By Chris Hackley, Royal Holloway
In the mid-1980s as a further education lecturer I was mocked by some more traditional colleagues for using “lantern slides”, their term for the then newfangled technology of the overhead projector, or OHP. These Luddites strutted the corridors with coffee-tinted sheaves of notes stuffed untidily under their arms. They would sweep into the classroom, fling their pencil-written papyri on the lectern and, without so much as a glance at their students, commence reading out loud.
They seemed to think that their exegesis of the sacred texts of economics and business studies was blessed with a natural authority. The students concurred. Even when I projected my plastic slides onto the paint-peeling wall in lurid colour, they were inattentive. They took my colleagues’ aural dictation with the utmost seriousness. It was almost as if the ritual enunciation of the notes by the lecturer’s voice sanctified them as a legitimate source of learning.
Academics today are increasingly expected to embrace all manner of digital media. Instead of sheaves of notes, we carry laptops, tablets or USB sticks to our lectures, to plug into multi-media audio-visual suites.
We might be asked to teach Massive Open Online Courses (MOOCS), to use social media for research impact or course delivery, to reach wider audiences through YouTube clips or podcasts of our lectures. We’re also encouraged to embrace web-based teaching and assessment, and to offer student support via email, text messaging, or even Facebook.
This digitisation of education makes perfect sense at a time when a huge proportion of under-30s rarely engage with print media, preferring to access their information via internet-connected mobile devices.
But, engaging as digital media may be, is there a risk that the importance of the academic role is being forgotten, to the detriment of the student’s education?
Medium and messenger
No doubt, digital media can make higher education more appealing – and there is something suspiciously medieval about fetishising the personal authority of the individual scholar. But the foundation of Western education for two and a half thousand years has been not the medium, nor the message, but the messenger who gives physical expression, ritual force and emotional texture to the abstractions of the intellect.
The nuanced intellectual interaction of student and teacher in a shared physical space, stimulated by reading and expressed in voice or writing, is the motif of a higher education. Today, the Oxbridge model of small group tutoring remains the gold standard for higher education, reflecting the importance of proximity and dialogue in the scholarly relationship.
But few academics succeed in avoiding the need to translate their work into the latest communication media. Most universities try to improve the economic efficiency and market attractiveness of their offer by digitising courses to attract audiences that are bigger, more dispersed, and, perhaps, less skilled in the art of listening.
First-year classes numbering in the hundreds are made possible through multimedia course delivery – and the equivalent learners overseas can number in the thousands. At Georgetown University, for example, the chief information officer has explained that students check their mobile devices 43 times a day. In response, the university now has 35,000 students and faculty interacting on a mobile platform.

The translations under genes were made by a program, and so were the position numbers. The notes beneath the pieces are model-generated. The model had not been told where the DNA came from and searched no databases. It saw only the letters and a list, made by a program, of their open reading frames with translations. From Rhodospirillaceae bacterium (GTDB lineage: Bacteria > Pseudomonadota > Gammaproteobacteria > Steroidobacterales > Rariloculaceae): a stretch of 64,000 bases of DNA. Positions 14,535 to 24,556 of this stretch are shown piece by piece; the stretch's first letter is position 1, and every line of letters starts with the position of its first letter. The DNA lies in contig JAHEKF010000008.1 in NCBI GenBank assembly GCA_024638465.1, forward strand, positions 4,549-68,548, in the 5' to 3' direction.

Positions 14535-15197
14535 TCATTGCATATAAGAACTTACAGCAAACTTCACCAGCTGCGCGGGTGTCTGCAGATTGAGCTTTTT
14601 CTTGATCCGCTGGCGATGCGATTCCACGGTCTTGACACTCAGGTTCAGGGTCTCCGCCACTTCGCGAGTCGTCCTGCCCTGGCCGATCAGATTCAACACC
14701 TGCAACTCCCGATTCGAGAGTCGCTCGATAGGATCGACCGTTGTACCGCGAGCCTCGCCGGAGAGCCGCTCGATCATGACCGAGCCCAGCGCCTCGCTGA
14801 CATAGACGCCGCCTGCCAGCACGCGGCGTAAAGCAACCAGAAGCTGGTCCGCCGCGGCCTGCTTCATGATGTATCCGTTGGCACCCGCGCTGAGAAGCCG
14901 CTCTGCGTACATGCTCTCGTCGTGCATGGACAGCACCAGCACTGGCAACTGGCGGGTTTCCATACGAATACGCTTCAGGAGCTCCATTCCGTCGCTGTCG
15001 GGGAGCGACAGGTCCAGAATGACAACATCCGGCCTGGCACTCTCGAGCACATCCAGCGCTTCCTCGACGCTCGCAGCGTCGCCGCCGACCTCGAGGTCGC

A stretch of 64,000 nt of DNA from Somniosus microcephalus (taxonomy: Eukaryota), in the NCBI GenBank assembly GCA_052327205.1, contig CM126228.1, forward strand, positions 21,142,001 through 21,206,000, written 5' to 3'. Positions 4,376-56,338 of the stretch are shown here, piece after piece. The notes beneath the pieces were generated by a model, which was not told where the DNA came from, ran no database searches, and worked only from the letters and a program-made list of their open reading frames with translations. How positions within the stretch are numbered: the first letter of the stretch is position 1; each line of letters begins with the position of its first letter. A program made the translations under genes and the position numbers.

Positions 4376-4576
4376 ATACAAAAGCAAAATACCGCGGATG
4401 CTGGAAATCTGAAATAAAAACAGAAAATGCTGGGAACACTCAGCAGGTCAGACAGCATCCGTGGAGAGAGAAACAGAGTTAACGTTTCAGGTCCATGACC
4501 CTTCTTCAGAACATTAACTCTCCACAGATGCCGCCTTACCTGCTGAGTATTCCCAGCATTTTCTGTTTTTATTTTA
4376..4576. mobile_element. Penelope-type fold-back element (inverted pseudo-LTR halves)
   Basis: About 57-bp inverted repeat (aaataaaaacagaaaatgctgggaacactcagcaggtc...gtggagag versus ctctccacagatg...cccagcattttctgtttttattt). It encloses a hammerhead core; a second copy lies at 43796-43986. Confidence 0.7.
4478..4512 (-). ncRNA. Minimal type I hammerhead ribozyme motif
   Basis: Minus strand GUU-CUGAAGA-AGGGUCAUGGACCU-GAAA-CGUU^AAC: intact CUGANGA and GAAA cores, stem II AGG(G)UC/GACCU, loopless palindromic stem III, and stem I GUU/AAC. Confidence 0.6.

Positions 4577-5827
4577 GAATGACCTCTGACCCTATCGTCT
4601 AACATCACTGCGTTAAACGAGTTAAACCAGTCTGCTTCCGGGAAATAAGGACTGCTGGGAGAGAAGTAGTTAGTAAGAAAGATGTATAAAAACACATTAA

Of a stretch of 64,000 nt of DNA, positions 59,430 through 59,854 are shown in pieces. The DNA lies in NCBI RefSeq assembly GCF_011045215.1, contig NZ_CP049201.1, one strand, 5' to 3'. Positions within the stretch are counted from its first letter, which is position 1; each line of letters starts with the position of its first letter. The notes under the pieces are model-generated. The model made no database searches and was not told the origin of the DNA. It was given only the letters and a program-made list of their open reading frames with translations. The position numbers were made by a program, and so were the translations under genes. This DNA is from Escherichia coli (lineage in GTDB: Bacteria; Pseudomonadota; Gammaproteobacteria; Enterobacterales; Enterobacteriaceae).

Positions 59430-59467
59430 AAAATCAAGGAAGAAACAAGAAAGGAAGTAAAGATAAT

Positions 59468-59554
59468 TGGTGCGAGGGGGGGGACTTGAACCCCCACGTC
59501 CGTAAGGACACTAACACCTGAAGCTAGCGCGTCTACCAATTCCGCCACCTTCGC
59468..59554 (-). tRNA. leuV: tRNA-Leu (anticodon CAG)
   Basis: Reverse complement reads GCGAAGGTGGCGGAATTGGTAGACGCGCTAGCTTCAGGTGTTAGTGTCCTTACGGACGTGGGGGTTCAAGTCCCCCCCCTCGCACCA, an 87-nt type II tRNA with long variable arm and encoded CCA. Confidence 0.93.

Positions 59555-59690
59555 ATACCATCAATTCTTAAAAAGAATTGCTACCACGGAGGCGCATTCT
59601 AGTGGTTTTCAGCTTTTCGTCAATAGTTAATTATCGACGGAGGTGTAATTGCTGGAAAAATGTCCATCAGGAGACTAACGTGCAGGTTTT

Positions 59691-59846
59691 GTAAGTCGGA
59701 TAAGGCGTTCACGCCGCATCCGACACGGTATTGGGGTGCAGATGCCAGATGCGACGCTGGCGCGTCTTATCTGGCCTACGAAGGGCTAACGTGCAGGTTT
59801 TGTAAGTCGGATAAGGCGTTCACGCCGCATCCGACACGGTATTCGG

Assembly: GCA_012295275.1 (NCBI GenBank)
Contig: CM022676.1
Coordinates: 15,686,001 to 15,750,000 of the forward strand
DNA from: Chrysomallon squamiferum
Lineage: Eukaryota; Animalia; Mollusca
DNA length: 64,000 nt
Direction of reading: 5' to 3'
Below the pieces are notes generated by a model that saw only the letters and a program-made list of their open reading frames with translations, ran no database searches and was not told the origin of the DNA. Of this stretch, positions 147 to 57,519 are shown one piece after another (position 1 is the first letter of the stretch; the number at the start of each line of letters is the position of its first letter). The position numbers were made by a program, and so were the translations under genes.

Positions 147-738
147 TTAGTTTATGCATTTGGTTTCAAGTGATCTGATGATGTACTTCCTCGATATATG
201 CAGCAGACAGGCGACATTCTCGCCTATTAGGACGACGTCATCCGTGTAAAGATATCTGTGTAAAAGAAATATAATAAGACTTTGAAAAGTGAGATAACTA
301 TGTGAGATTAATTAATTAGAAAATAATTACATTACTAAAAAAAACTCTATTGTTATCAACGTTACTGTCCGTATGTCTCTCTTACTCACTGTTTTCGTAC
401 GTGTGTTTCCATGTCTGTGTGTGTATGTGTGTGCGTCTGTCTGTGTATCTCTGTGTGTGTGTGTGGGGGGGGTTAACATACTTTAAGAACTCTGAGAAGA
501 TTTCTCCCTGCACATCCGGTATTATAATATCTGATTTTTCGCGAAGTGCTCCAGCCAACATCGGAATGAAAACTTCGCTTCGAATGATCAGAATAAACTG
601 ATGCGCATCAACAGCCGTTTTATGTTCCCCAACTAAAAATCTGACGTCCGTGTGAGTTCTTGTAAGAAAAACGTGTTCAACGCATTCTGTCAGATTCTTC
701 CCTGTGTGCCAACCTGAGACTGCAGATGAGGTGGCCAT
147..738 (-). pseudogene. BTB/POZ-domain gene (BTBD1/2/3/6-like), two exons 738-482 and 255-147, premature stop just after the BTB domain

Which is all very well, but, as the late Canadian philosopher Marshall McLuhan pointed out: a medium is not merely a means of transmission – it influences the character of the message.
Rebranded for simplification
There is a risk that academic ideas, adapted for digital presentation, might be reduced to misleading but easily conveyed simplicities. This reductionism lends itself to the commodification of higher education. Digitised courses can be subdivided, rebranded, repackaged, sold on and distributed in different forms as part-time, distance learning, “taster” or self-study units.
As media “content” that can be “delivered”, some of the work can be devolved to less-qualified staff, or even to machines (for example, to mark online multiple choice tests). The author of the course, whose curation of ideas and intellectual judgement lie at the core of the entire process, can be reduced to a faint imprint, or even erased altogether.
Even a star academic who earns millions of views for an online lecture is little more than a social media marketing tool. Education, as opposed to entertainment, is inherently incremental and demands a judicious mix of personal and mediated interaction between students and academics.
Keep the academic authority central
I might be exaggerating the downsides of digitisation. Most universities, I think, are sensible enough to allow the academic author control over, and physical presence in, the courses they create. In any case, there are inbuilt limits to the extent to which higher education can be depersonalised.
For one thing, academics as a species tend to be natural technophobes. Many fully digitised classrooms bear the hallmarks of Ludditism after a class leaves the room – a well-used A3 pad, interactive whiteboards written on in indelible marker, and a unbooted classroom PC. The notoriously high non-completion rates for MOOCs testify to most students’ need for a personal level of engagement.
There is no turning back the tide of digitisation in higher education, but the integrity of the process demands the presence and authority of the academic. The media will obliterate the message, unless there is room in the digital university for the reassuring voice of the academic author and their skills of argument, inspiration, content curation and creation.
Chris Hackley has received funding from ESRC.